Innovating New Ways to Protect Soldiers with Materials Science and Knowledge of Sea Creatures
To be a soldier in 2050, what will be required? According to researchers at the Army’s Tactical Assault Light Operator Suit program (TALOS), the wars of the future will be fought in exoskeletons while load-carrying robots accompany human soldiers on dangerous patrols. 1 But something even less familiar to us than exoskeletons and robots might one day inspire one of the most significant innovations in body armor: the sea creatures known as chitons.
Eyes as Hard as Glistening Diamonds
Chitons, which are related to snails, octopuses and clams, have oval bodies made of eight plates that overlap like the shields used by soldiers in Roman times.2 These plates are made of a hard ceramic material, but contain hundreds of eyes that, amazingly, are able to form images and detect light. 3 The reason why chitons can see with rock-eyes seems to lie with the material of its lenses, a mineral called aragonite.
Recent research done at Harvard and MIT unraveled the 3-dimensional architecture of the chiton’s eye and “found that aragonite crystals in the lens are larger than in the shell and organized into more regular alignments that allow light to be gathered and bundled.”4 This type of material is capable of “perform[ing] multiple and often structurally opposite functions,” a capability not typically seen nature. It’s clear that there is much to be learned (and ultimately co-opted) from the chiton’s body armor. For example, innovations in aragonite-based technology could lead to armor that is tough but also provides visual information to its wearer, increasing the safety of soldiers using “eyes behind their backs.”
Using Materials Science to Transform Glistening Diamonds to Smart Body Armor
In today’s fiercely competitive environment, product innovation is essential for specialty companies. Understanding the existing materials science literature concerning chiton lenses or aragonite, and how others have potentially conceptualized the jump from animal armor to human armor, can provide an important context for moving forward. Understanding potential safety concerns related to transformation can accelerate the development of products. Digital software can make the abovementioned processes occur at a faster, more efficient pace for any materials science organization:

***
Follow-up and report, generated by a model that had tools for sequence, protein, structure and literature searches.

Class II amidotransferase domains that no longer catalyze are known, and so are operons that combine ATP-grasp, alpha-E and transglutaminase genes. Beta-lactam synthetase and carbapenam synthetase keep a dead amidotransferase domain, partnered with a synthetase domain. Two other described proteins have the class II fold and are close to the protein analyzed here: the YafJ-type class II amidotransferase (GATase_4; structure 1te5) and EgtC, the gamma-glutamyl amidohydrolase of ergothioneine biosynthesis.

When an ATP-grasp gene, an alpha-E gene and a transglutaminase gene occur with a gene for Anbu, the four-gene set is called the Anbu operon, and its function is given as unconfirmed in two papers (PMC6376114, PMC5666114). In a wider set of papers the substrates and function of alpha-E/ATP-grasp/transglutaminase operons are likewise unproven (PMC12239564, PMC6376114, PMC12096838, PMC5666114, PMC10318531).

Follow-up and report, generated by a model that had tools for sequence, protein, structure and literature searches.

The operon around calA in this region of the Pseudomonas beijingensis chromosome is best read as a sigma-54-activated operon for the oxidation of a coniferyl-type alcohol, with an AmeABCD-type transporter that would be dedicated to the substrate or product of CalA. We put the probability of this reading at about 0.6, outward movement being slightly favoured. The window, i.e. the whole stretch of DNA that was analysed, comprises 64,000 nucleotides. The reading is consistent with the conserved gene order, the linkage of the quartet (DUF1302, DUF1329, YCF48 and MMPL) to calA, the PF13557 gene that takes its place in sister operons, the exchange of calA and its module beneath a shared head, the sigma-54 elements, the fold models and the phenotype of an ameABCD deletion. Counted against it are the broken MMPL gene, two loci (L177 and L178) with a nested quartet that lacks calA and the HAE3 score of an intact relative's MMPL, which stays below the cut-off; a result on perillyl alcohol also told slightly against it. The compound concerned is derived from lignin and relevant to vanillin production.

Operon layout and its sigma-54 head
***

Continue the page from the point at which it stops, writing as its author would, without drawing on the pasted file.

Lab efficiency: To maximize lab efficiency in a research organization, work should be conducted from a single digital environment where materials science literature reviews and past experiments can be easily searched within the database, while items ordered and delivered can be tracked. As experiments occur, test results can be easily uploaded to this digital space to better integrate various stages of product innovation. Specifically considering how to use aragonite to develop better armor, some research has already sought to uncover the science behind aragonite’s toughness as researchers consider how to fortify this natural product with other specialty chemicals.5 Still, having past literature in a single location with pending experiments enables researchers to better integrate these multiple sources of knowledge to promote the development of new products, or armor prototypes in this case, to prevent redundancy.
Lab Safety: In developing new products, careful consideration of safety issues is essential for reducing compliance risks and avoiding error. By digitally tracking samples and procedures, while integrating this information with existing equipment and systems, research organizations can reduce their reliance on antiquated paper systems by instead utilizing a digital system that provides an easily searchable platform to locate needed data. By integrating existing machines and instruments, research companies can also avoid the errors made in transcribing data from instruments into systems. This kind of system can be essential for accelerating product delivery in a company that often uses specialty instruments, products and techniques, but must adhere to a variety of regulatory guidelines.
BIOVIA Experiment supports the abovementioned processes and much more. By relying on this digital solutions platform, research organizations can avoid error and reduce their compliance risk, while still increasing the likelihood that they conduct ground-breaking experiments in the most efficient, cost-effective manner. In this context, work in the lab becomes both easier and safer thus accelerating the development of new armor or any other materials science innovation. Please contact us today to learn more about BIOVIA Experiment and other products.
- “What the Fighter of the Future Will Look Like,” July 13, 2015, http://www.defenseone.com/ideas/2015/07/what-fighter-future-will-look/117619/ ↩
- “This Animal Has a Suit of Armor With Hundreds of Build-In Eyes,” November 20, 2015, http://www.theatlantic.com/science/archive/2015/11/this-animal-has-armor-with-hundreds-of-eyes-and-lenses-made-of-rock/416523/ ↩
- “Multifunctionality of chiton biomineralized armor with an integrated visual system, November 2015, http://www.sciencemag.org/content/350/6263/952 ↩
- “Creating a new vision of multifunctional materials,” November 19, 2015, http://wyss.harvard.edu/viewpressrelease/228/ ↩
- “Nature’s bottom-up nanofabrication of armor,” October 2, 2006, http://www.nanowerk.com/spotlight/spotid=870.php ↩